Collection Societies are needed to protect the rights of musicians and songwriters, to monitor the performance of musical works and to make sure musicians get paid!
A publisher will grant a license for a song to be performed or recorded and radio stations must make a record of what songs have been played. Larger stations purchase a blanket license so that all material played is paid for in advance. This money is then distributed amongst the members of the appropriate collection societies. Every venue or public area in which music is performed must have a license to do so.
There are two rights in every recorded track, (copyright in the musical and lyrical composition and a separate copyright in the actual sound recording) so every time a track is played in public, there are two license fees to be paid – one goes to PRS who pass the money on to the person or people who wrote the composition and the other goes to PPL who pass the money onto the people who performed on the track. If you have done both, then you can receive two royalty streams.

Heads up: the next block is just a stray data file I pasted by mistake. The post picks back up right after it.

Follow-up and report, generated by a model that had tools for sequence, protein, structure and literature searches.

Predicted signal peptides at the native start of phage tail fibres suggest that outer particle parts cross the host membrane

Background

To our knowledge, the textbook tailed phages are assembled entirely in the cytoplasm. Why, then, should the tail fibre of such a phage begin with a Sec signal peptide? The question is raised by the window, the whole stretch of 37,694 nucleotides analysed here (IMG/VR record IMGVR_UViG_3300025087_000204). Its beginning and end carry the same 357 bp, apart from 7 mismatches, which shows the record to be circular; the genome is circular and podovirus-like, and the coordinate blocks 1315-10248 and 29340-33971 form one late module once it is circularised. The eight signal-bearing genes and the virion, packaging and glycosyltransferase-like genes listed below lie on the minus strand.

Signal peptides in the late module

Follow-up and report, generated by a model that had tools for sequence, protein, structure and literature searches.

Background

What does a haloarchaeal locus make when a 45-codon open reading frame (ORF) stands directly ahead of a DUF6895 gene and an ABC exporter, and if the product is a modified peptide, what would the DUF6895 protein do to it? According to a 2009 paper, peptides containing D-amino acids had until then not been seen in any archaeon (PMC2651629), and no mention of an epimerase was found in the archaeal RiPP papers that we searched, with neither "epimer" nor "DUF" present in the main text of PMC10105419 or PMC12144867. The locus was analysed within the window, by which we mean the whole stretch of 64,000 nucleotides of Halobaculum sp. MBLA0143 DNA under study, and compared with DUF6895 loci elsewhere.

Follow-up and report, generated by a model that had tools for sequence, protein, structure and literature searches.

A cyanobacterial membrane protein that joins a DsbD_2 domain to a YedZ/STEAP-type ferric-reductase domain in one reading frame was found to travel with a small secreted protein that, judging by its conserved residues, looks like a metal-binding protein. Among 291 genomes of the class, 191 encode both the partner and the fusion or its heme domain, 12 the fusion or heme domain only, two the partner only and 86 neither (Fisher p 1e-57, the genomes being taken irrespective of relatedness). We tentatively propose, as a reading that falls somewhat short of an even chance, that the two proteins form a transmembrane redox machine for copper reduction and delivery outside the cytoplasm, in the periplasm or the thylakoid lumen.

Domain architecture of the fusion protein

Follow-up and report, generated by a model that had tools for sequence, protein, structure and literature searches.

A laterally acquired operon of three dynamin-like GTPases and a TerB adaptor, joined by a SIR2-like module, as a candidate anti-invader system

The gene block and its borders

The Performing Right Society is an organization for songwriters and composers. It collects royalties for the performance of music and distributes to its members. All venues and internet streaming services must have a PRS license.
The Mechanical Copyright Protection Society collects money for songwriters and composers for the use of their material in recordings. The ‘mechanical right’, as administered by MCPS, consists of two of these rights:
- the right to copy the work;
- the right to issue copies of the work in public;
Mechanicals refer to the use of music in CDs, Computer games, Records Feature films, Audio tapes Websites, Music DVDs, Telephone ringtones, TV and Radio Novelty products and Videos Commercials. Money is collected from the sale of these items and distributed to the members.
The Phonographic Performance Limited collects royalties on behalf of performers for the broadcast of their work. The royalties are distributed to record companies, session musicians and performers. PPL licenses are required by venues to pay a fee to its members for the public performance of their music on CD or radio.
ASCAP and BMI are US societies which have agreements with the PRS to pay songwriters and composers for the public performance of works
Song-writing royalties are split between the publisher and the songwriter, usually 50/50. If you do not have a publisher, but you are registered with the relevant societies, you can claim 100% of the royalties. However, a large publisher can get your songs placed more effectively.
By Juan Lopez, Legal Consultant
Image source: Mike Licht